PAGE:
Nancy Drew, girl detective,
is one of the defining characters in literature for young girls. There
are more than 100 Nancy Drew Mystery books which have been written since the
The character has also done
her share of time on TV, from the 50s serials that ran on the Mickey Mouse
Club through the most recent incarnation in the late 70s -- The Hardy
Boys/Nancy Drew Mysteries in which Pamela Sue Martin played the girl
sleuth. There was also a French series about the character in the
1990s and a TV movie just five years ago. Nancy has even become the
heroine of a very popular series of computer games.
The one thing which Nancy
has never been was the star of a major motion picture. (Though there
were three hour-long films about her in the late 1930s.)
Until now, that is.
I wish I could say that
Nancy Drew the movie was worth the wait, but even as a very casual fan
(as a boy I read The Hardy Boys, not Nancy, but I do have a basic
knowledge of her world) it seems like a bit of a blown opportunity.
Rather than play it
straight, the writers decide to make Nancy Drew more of a comedy,
co-opting the vibe of The Brady Bunch Movie, in which a square
old-fashioned character is plunked down in the middle of modern day Los
Angeles. (Nancy's old co-horts, the Hardy Boys, also seem to be
getting this type of post-modern makeover in the planned Tom Cruise/Ben
Stiller film Hardy Men.)
This type of thing can be
pulled off well (again, I have to point to The Brady Bunch movies),
but more often the joke wears off long before the movie finishes. (For
examples of this style gone bad, check out Starsky and Hutch, The Beverly
Hillbillies, Charlie's Angels and way too many others to mention.)
In fairness, Nancy Drew
is much better than those last three films -- though not as good as the
On the plus side, star Emma
Roberts (of TV's Unfabulous, daughter of actor Eric Roberts... and,
yes, as every story has to point out, niece of Julia Roberts) has a
natural sweetness and charm that bodes well for a long career. She
takes the role with the utmost seriousness and single-handedly makes the
movie worth seeing.
Sadly, the comic bits
diminish the classic characters and the whole raison-d'etre for
Nancy. The mystery is not taken seriously enough -- in fact it's kind
of dumb -- and it seems like Nancy just stumbles over some of the biggest
clues. This lack of concern with the spine of the story seems a wasted
opportunity. The Nancy Drew books never took themselves too
seriously or were too deep as far as plotlines -- but they did recognize
that the mystery was the most important aspect.
The storyline -- or as
close to a storyline as it has -- is that Nancy's lawyer father (Tate
Donovan) gets transferred to Los Angeles and leaves it up to Nancy to pick
the house. Nancy, being addicted to puzzles, rents the home of an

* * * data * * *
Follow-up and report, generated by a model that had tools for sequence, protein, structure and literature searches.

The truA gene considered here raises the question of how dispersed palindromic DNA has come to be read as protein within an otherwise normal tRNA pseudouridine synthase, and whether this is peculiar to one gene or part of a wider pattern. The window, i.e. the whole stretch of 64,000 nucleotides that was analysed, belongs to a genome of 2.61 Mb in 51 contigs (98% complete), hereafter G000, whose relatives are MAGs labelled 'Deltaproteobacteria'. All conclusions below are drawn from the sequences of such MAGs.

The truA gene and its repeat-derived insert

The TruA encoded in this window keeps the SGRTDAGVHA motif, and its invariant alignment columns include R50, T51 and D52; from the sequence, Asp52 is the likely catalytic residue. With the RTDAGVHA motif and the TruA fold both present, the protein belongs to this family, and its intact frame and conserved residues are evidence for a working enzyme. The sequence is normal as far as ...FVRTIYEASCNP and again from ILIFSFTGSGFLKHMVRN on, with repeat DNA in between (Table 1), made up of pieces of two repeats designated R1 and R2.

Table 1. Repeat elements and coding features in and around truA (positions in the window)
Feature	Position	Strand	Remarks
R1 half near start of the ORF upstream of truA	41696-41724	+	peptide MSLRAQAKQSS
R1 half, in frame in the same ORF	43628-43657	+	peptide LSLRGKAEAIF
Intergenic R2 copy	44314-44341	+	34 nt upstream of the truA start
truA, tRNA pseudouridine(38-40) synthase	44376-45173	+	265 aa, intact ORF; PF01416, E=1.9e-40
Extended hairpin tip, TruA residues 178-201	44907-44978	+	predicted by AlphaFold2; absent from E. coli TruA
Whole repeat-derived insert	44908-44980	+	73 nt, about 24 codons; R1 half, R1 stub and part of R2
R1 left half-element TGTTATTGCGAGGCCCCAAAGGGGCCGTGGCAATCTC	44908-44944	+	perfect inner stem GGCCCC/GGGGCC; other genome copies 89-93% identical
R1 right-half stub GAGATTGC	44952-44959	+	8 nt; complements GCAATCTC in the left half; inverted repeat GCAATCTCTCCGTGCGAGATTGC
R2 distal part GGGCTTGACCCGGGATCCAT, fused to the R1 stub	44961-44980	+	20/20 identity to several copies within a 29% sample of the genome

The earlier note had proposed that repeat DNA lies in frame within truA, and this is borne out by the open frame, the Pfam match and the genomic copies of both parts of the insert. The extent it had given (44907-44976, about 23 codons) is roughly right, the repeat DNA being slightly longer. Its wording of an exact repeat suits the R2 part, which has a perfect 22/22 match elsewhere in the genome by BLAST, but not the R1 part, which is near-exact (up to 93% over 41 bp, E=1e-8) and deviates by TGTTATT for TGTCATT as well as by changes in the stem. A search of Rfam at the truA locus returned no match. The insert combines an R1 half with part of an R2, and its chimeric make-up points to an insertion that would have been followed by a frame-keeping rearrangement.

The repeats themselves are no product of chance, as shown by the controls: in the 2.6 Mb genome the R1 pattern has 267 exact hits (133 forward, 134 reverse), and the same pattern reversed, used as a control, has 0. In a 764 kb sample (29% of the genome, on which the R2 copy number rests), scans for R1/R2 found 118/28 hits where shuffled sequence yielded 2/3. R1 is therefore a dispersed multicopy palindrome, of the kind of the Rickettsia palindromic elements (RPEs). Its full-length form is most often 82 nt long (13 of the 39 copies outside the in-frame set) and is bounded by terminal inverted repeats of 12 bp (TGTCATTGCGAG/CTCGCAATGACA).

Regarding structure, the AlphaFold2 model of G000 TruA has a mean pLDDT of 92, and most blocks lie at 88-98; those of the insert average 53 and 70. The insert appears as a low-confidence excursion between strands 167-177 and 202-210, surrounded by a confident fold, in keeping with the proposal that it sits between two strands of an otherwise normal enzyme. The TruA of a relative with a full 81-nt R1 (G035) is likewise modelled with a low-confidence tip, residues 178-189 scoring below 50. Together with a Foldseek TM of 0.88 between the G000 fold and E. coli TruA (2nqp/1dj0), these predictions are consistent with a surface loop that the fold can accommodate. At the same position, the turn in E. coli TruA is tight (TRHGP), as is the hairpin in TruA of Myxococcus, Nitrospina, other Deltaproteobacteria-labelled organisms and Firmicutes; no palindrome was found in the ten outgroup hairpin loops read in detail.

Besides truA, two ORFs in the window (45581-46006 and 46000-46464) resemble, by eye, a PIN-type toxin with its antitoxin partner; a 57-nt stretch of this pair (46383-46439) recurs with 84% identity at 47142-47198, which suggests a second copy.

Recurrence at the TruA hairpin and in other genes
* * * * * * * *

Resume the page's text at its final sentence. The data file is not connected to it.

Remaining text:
actress whose death is one of the great unsolved murders in Tinseltown.
The one rule that dad has
for his budding sleuth -- no more mysteries while in the City of Angels, so
Nancy must hide that she is looking into the cold case. (Which is an
odd theme which recurs throughout the film. As I said before, I only
have a layman's knowledge of the earlier versions of the series, but I was
always under the impression that Mr. Drew was very supportive of his
daughter's investigations.) She leaves behind the world's wimpiest
boyfriend and her impossibly old car and goes to the big city.
This sense of anachronism
runs throughout the film, hitting the point that it becomes distracting.
The storyline claims that the actress at the heart of this ghost story
died at 43 in the mid-80s, though most of the film clips and photographs of her
make the starlet appear
to be from the 40s or 50s.
In the modern world, the
eternally chipper and excessively clever and resourceful young girl deals
with a lovestruck, wise-cracking twelve-year-old (Josh Flitter) stuck-up
girls (Danielle Monet and Kelly Vitz), unmarried mothers (Rachael Leigh
Cook), non-life-threatening hoods and an overly friendly lawyer (Barry
Nancy uses her own
deductive reasoning and a series of MacGyver-esque contraptions to
get to the bottom of things. Most of these girl-scout tricks are
clever, but some of them are just odd -- like the scene where Nancy has to
give a girl a tracheotomy with a pen during a party. Really, why was
that in this film?
ends up being a cute enough movie -- one that will
probably more than satisfy the tween-age girls it is targeted for -- but the
character and the star deserved so much more.
As a special extra, the
pay-per-view release of Nancy Drew is called the "Drew's Clues"
edition, in which the movie is given the pop-up video treatment.
Trivia facts that are tossed out for the audience, ranging from very
interesting little factoids about the stars and characters to somewhat
unnecessary fluff -- for example, they point out nearly every single one of
the 27 times that Nancy changes outfits in the movie. Still, the
Drew's Clues add a sense of fun and intrigue for hardcore fans and will be
particularly effective in spicing up repeat viewings.
Copyright ©2007 PopEntertainment.com. All rights reserved.
Posted: March 18, 2008.